U.S. CEO Optimism Hits Record as Tax Cuts Boost Spending Plans

Stocks seesawed as investors digested the latest shakeup at the White House & on the heels of a tame inflation reading.  Major news was the sudden departure of Sec of State Rex Tillerson. The former CEO of ExxonMobil (XOM), a Dow stock & Dividend Aristocrat, is out & will be replaced by CIA Director Mike Pompeo.  The news came shortly after the Labor Dept said its consumer price index rose 0.2% in Feb.  While the reading is in line with estimates, it is well below the 0.5% jump in Jan.  Concern that inflation will accelerate faster than expected has recently pressured the markets.  The Dow gave up triple digit gains & NAZ retreated after setting an intraday record high.  Investors are also keeping an eye on oil which declined to the $60 per barrel level as investors weighed how Tillerson's exit will impact policies around Iran & in the Middle East.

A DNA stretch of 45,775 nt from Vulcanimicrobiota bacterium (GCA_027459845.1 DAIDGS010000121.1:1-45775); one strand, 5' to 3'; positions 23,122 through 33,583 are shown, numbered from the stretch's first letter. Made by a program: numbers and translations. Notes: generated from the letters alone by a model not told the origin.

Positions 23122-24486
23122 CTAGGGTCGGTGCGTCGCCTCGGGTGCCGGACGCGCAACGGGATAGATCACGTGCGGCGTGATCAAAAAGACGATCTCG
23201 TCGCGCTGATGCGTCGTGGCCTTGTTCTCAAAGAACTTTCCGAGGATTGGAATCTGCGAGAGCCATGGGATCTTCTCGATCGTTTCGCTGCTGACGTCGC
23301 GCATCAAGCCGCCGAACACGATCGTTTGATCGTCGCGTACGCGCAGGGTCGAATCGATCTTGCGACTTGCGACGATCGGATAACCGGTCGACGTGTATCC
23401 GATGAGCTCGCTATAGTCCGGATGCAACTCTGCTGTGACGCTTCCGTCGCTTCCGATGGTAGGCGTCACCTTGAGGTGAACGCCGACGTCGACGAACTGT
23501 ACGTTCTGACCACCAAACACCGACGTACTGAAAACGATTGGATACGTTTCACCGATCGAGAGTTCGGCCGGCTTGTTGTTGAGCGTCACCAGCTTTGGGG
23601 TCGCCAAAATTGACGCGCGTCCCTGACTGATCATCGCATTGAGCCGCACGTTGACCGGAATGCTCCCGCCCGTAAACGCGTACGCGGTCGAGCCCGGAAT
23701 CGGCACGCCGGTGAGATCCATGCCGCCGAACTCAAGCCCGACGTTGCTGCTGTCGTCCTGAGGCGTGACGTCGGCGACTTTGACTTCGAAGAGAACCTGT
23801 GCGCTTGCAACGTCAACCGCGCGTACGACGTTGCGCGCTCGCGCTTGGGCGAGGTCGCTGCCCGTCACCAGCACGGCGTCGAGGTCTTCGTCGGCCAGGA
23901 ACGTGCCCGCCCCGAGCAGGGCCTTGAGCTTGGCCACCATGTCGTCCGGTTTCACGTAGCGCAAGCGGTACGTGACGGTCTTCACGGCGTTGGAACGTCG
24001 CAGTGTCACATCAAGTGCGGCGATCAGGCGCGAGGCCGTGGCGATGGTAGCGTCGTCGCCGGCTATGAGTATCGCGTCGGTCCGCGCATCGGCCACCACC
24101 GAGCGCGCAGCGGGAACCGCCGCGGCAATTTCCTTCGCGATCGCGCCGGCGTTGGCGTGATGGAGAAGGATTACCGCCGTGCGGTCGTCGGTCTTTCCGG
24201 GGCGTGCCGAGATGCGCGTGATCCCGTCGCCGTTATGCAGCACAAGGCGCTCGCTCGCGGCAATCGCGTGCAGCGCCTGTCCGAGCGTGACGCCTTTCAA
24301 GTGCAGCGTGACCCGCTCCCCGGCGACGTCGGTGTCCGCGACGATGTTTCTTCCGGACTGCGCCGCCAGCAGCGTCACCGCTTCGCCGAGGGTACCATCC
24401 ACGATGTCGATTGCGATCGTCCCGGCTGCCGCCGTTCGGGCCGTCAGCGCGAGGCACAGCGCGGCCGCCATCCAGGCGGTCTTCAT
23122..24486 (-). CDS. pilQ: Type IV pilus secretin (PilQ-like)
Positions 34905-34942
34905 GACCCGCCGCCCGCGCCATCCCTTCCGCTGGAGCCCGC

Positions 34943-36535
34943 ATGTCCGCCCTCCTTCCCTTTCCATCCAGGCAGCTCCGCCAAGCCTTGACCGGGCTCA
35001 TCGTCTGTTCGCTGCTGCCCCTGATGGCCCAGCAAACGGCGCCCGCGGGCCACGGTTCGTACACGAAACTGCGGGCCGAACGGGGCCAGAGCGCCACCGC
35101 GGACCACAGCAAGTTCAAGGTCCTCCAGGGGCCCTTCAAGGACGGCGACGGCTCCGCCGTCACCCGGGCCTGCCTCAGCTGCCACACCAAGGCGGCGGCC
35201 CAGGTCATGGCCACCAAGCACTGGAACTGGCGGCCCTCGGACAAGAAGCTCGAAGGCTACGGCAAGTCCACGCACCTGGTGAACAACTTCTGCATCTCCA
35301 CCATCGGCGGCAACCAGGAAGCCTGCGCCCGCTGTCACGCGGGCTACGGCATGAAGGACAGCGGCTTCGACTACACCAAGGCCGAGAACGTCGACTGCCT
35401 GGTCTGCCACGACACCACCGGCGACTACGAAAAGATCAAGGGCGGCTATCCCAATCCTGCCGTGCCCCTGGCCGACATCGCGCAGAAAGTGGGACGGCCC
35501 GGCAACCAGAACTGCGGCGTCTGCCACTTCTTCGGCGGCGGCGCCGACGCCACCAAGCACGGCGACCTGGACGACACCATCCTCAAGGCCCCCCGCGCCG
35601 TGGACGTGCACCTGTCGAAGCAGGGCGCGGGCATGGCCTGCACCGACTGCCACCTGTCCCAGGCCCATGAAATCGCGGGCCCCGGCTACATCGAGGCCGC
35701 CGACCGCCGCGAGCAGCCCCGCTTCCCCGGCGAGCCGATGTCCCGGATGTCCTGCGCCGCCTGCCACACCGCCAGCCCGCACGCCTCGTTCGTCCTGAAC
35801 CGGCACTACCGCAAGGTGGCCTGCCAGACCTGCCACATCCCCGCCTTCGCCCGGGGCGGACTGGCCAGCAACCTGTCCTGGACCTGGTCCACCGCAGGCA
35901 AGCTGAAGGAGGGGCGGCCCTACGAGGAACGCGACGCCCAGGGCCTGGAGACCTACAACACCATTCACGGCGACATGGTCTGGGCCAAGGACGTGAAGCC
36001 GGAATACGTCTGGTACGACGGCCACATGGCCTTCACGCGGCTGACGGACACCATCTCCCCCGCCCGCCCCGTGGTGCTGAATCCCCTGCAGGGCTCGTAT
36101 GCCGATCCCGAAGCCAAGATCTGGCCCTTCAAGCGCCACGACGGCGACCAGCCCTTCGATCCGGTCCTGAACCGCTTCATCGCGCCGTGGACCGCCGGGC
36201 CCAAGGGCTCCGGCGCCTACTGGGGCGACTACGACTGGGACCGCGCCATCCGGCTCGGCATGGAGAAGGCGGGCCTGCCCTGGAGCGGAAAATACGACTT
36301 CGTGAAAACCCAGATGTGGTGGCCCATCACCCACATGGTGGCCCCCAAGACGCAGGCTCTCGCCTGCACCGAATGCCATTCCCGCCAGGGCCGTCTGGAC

Investors digest Tillerson firing, inflation data